The so-called pythoness of Delphi was, for many centuries, the world’s most renowned oracle. Generals and statesmen and ordinary folks traveled to Greece to gain her counsel — or, rather, the counsel of the god Apollo, who spoke through her. She guided the course of conquests and commerce, marriage and monarchy. She presided at the Temple of Apollo, which was adorned by two famous inscriptions: “Know Thyself” and “Nothing Too Much” — sound enough advice, echoed often by the saints.
St. Athanasius tells us that, upon the coming of Jesus Christ, the oracle at Delphi fell permanently silent. Indeed, the Pythia does seem to have clammed up around the beginning of the Common Era. The pagans, however, gave the credit to the Emperor Hadrian, who put a plug in the place after 117 A.D. The oracle had assisted him in his accession to the purple. He wanted to make sure no one followed too closely in his soothseeking footsteps.
The prophetess may have fallen silent, but perhaps it was from a longish case of laryngitis, because we know that at least one late emperor consulted her, and with calamitous effect. In 303 A.D., Diocletian asked her why the utterances had declined, and she replied that it was the fault of the Christians. Historians say this was one of the precipitating causes of Diocletian’s ruthless persecution. Much later in the fourth century, the emperor Julian (“the Apostate”) restored the shrine and its oracle as part of his program of re-paganizing the Roman world. But, by then, the old oracle just sounded tired: “Tell the King,” she said, “that the curiously built temple has fallen to the ground, that bright Apollo no longer has a roof over his head, or prophetic laurel, or babbling spring. Yes, even the murmuring water has dried up.” The Christian Emperor Theodosius shut the place down for good in the 393.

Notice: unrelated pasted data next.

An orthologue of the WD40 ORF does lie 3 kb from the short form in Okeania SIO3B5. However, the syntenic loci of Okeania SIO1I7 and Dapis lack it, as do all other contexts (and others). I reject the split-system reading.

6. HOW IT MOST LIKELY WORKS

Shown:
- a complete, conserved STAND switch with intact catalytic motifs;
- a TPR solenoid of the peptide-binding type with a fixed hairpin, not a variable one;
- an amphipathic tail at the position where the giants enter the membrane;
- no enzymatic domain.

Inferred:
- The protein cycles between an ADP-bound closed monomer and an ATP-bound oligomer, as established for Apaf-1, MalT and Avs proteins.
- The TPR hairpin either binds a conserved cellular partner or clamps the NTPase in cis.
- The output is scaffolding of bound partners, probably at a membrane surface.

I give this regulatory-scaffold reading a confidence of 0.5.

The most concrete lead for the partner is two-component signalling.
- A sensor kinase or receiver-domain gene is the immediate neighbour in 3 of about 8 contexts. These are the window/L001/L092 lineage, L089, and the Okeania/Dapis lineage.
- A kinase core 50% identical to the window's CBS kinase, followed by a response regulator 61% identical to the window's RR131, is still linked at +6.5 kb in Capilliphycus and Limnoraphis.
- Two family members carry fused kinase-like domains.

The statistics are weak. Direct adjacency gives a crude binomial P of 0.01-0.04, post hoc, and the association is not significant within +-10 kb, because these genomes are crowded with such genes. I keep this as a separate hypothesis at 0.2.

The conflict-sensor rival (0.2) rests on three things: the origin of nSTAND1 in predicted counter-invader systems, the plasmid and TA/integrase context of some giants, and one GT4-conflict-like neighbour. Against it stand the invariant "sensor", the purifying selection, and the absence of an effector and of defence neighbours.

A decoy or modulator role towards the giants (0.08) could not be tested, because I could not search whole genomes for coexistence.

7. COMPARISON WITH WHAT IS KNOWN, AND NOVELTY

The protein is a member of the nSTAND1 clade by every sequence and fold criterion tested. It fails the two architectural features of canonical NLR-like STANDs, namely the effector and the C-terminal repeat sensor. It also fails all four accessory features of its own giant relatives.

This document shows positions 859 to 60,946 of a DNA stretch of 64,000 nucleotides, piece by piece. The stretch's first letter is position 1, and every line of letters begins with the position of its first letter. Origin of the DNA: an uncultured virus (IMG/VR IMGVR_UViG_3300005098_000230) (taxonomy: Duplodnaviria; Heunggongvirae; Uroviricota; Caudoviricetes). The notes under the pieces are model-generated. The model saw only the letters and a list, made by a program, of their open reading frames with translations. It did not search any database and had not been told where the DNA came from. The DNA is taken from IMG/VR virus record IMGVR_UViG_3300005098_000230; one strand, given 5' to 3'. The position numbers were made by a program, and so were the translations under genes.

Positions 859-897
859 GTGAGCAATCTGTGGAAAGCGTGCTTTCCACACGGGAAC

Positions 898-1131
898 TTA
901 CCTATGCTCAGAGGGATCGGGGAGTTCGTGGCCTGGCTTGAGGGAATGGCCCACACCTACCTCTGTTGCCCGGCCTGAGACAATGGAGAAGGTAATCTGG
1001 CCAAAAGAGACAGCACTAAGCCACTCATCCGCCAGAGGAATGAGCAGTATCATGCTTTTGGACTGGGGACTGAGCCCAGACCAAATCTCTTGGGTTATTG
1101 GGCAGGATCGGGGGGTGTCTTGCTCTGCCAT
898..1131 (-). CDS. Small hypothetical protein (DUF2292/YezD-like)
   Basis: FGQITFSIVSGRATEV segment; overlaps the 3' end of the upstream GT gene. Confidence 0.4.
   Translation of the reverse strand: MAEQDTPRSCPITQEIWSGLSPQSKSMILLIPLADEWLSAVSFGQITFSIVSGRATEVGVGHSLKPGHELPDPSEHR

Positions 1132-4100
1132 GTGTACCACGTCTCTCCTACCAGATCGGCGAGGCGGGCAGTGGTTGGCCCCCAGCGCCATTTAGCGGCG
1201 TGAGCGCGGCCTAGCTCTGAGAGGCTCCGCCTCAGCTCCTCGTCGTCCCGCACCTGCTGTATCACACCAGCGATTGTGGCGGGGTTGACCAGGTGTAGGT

Now scientific research adds insult to injury. Researchers now claim that the oracle got her enlightenment from inhaling gases that seeped upward from the bowels of the earth. Methane, ethylene, and carbon dioxide are contenders.
It’s kind of sad to think that Rome’s final, brutal persecution of the Church resulted from the same process that produced the lyrics of Donovan, Pink Floyd, and Yes. But, whatever.
If only the Pythia could speak to us today, what might she say?
“Dude, did you ever think about your hand? I mean, really think about your hand?”
Maybe the stoners were on to something. Knowing thyself might as well begin with, like, really knowing thy hand. But, even then, one shouldn’t let one’s self-contemplation get out of hand. Nothing too much, after all.